The Influence of GOMBURZA on Artist Jose Rizal

At the age of three, Jose Rizal learned the alphabet and prayers from his mother, Doña Teodora Alonso, who encouraged him to write poems, upon discovering that he has a talent for poetry. Jose Rizal’s three uncles, namely, Tio Gregorio, who is a scholar and lover of books, inspired him to read good books; Tio Manuel, a big and strong man, awaken Rizal’s interest in sports (swimming, rowing, fencing, and wrestling); and Tio Jose who motivated him to paint, sketch, and make statues of clay. In Biñan, Rizal improved his knowledge of Spanish and Latin under the guidance of Maestro Justiniano Aquino Cruz. In Ateneo, he took up painting under a prominent Spanish painter and professor of art named Don Agustin Saez, and sculpture under a famous Filipino sculptor named Romualdo de Jesus.

The three priests Father Mariano Gomez, Father Jose Apolonio Burgos, and Father Jacinto Zamora also known for the acronym GOMBURZA, suffered the Spanish authorities’ hatred in connection with the Cavite Mutiny which happened in 1872. Soldiers of the Engineering and Artillery Corps were previously exempted to personal taxes, leading them to the rebellion known as Cavite Mutiny. GOMBURZA stand up for the equal rights of priests and led the campaign against the obnoxious Spanish friars. They fought on unsettled secularization issues in the Philippines which gave rise to a clash among religious regulars and church seculars. Spanish prosecutors bribed a witness to testify against the three priests then the three priests were charged with sedition and treason, which led to their death by garrote in February 17, 1872.

The GOMBURZA’s death aroused rage and hatred among the Filipinos. This misfortune has united the Filipinos. The death of the martyred priests helped inspire the Propaganda Movement (Rizal was a member of it), which aimed to seek recognition of the Philippines as a province of Spain, equality in the status of Filipinos and Spaniards, Philippine representation in the Spanish Cortes, secularization of parishes, and recognition of human rights.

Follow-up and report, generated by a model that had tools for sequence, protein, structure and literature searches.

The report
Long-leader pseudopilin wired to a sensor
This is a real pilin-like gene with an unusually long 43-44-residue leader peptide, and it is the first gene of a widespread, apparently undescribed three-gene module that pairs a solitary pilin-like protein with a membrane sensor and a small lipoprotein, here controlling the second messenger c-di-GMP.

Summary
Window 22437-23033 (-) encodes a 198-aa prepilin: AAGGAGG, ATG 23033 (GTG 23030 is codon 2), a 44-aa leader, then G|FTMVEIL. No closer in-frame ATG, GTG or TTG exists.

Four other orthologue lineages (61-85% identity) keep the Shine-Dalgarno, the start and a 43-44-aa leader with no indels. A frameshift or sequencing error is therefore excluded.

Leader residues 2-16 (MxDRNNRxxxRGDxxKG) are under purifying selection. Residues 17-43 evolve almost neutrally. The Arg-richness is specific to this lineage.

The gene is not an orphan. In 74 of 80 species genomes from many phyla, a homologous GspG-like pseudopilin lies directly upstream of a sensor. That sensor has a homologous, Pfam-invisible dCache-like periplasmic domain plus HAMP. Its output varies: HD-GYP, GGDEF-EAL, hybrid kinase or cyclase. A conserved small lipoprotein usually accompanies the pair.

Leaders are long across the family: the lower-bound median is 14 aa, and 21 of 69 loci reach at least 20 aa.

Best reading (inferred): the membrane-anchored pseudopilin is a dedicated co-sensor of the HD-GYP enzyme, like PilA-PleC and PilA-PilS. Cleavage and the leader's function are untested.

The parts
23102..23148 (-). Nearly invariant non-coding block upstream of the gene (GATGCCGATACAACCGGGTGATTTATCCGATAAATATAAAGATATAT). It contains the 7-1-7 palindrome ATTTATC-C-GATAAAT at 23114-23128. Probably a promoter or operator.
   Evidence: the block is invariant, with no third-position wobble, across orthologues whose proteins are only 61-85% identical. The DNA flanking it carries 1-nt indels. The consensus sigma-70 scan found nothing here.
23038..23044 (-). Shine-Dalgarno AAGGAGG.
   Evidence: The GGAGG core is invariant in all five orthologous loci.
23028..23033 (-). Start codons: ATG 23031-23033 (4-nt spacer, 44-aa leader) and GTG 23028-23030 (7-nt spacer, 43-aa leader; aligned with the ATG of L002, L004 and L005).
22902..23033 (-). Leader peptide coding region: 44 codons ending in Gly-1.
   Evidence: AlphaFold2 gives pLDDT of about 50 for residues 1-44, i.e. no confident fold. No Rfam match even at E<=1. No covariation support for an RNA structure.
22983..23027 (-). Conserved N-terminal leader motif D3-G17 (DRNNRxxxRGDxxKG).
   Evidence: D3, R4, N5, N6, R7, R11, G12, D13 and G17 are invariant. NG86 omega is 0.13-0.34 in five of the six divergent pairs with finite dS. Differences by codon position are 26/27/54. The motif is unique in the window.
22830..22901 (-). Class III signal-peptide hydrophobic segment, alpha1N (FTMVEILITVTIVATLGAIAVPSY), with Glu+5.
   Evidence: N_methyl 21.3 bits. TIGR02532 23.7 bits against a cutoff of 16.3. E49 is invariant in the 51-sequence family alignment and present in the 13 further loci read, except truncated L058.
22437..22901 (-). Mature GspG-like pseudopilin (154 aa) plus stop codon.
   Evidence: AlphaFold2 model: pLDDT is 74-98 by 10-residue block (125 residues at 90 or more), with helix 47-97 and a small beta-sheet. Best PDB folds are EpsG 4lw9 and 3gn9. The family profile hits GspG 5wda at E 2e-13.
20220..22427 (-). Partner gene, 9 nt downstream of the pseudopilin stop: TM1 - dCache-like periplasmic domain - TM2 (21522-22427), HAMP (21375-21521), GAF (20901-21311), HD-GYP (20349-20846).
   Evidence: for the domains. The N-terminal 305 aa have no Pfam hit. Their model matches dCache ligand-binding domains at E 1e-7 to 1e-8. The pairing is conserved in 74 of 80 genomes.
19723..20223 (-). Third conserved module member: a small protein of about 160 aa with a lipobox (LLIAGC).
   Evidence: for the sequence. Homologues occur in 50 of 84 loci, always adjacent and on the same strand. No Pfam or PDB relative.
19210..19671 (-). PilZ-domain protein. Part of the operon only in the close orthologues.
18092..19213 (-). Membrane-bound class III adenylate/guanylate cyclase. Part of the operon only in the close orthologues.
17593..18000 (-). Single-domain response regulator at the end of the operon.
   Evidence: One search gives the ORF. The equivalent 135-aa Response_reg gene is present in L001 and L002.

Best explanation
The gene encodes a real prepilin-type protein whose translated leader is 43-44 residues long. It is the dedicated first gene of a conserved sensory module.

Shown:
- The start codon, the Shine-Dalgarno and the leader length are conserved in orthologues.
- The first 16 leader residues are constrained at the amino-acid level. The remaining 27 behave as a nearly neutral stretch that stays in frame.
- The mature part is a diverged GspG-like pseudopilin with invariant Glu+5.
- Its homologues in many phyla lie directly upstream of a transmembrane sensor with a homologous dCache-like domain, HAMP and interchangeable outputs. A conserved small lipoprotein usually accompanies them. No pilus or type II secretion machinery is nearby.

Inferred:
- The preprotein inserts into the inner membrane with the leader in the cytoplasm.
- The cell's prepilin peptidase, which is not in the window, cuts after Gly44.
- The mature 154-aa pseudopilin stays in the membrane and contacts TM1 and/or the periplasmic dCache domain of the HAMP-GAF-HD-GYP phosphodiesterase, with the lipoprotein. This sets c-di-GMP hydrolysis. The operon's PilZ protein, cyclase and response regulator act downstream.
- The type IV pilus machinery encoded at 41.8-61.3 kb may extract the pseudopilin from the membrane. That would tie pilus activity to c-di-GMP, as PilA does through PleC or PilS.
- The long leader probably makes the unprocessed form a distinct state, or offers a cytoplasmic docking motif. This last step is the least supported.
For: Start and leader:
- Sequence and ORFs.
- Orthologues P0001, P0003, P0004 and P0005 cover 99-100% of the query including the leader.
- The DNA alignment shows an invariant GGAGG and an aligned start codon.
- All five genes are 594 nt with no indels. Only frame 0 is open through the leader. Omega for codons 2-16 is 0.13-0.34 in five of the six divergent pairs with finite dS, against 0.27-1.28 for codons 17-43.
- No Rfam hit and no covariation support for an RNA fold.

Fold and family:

The execution of GOMBURZA left a great impact on many Filipinos, especially to Jose Rizal, who dedicated his second novel, El Filibusterismo in memory of these three martyred priests.

After five days of sailing, the Spanish Steamer, Salvadora, reached Singapore and Rizal stayed in Hotel dela Paz for two days. After two days of resting in Singapore, Rizal boarded a French steamer, Djemnah, for Marseilles, France, which stopped for a short time at Colombo. On June 11, it docked at Naples, a city in Italy well-known for its songs. The next day it reached Marseilles where Rizal stayed for three days. Continuing his travel by train, he arrived in Barcelona, Spain’s second-largest city.

Enlightenment education is a European intellectual movement in the 17th and 18th centuries in which ideas about God, nature, reason, and humanity were integrated to expose the use of reason, and the power of humans to understand and improve his condition. While Rizal was in Europe to study medicine, he read Harriet Beecher Stowe’s book entitled “Uncle Tom’s Cabin,” which according to Rizal, it described the Filipino culture in a backward and sluggish motion. The Filipinos were not leaned toward growth and advancement; instead, it has adopted the system of anti-intellectualism. This influenced Rizal in his novel Noli Me Tangere to expose his readers of the theory of “natural revelation” as a substitute of Christian revelation. Natural revelation gears towards the use of the cognitive mechanisms of reasoning instead of living through the concepts of faith, traditions, revelations, and the advancement of knowledge through scientific methods.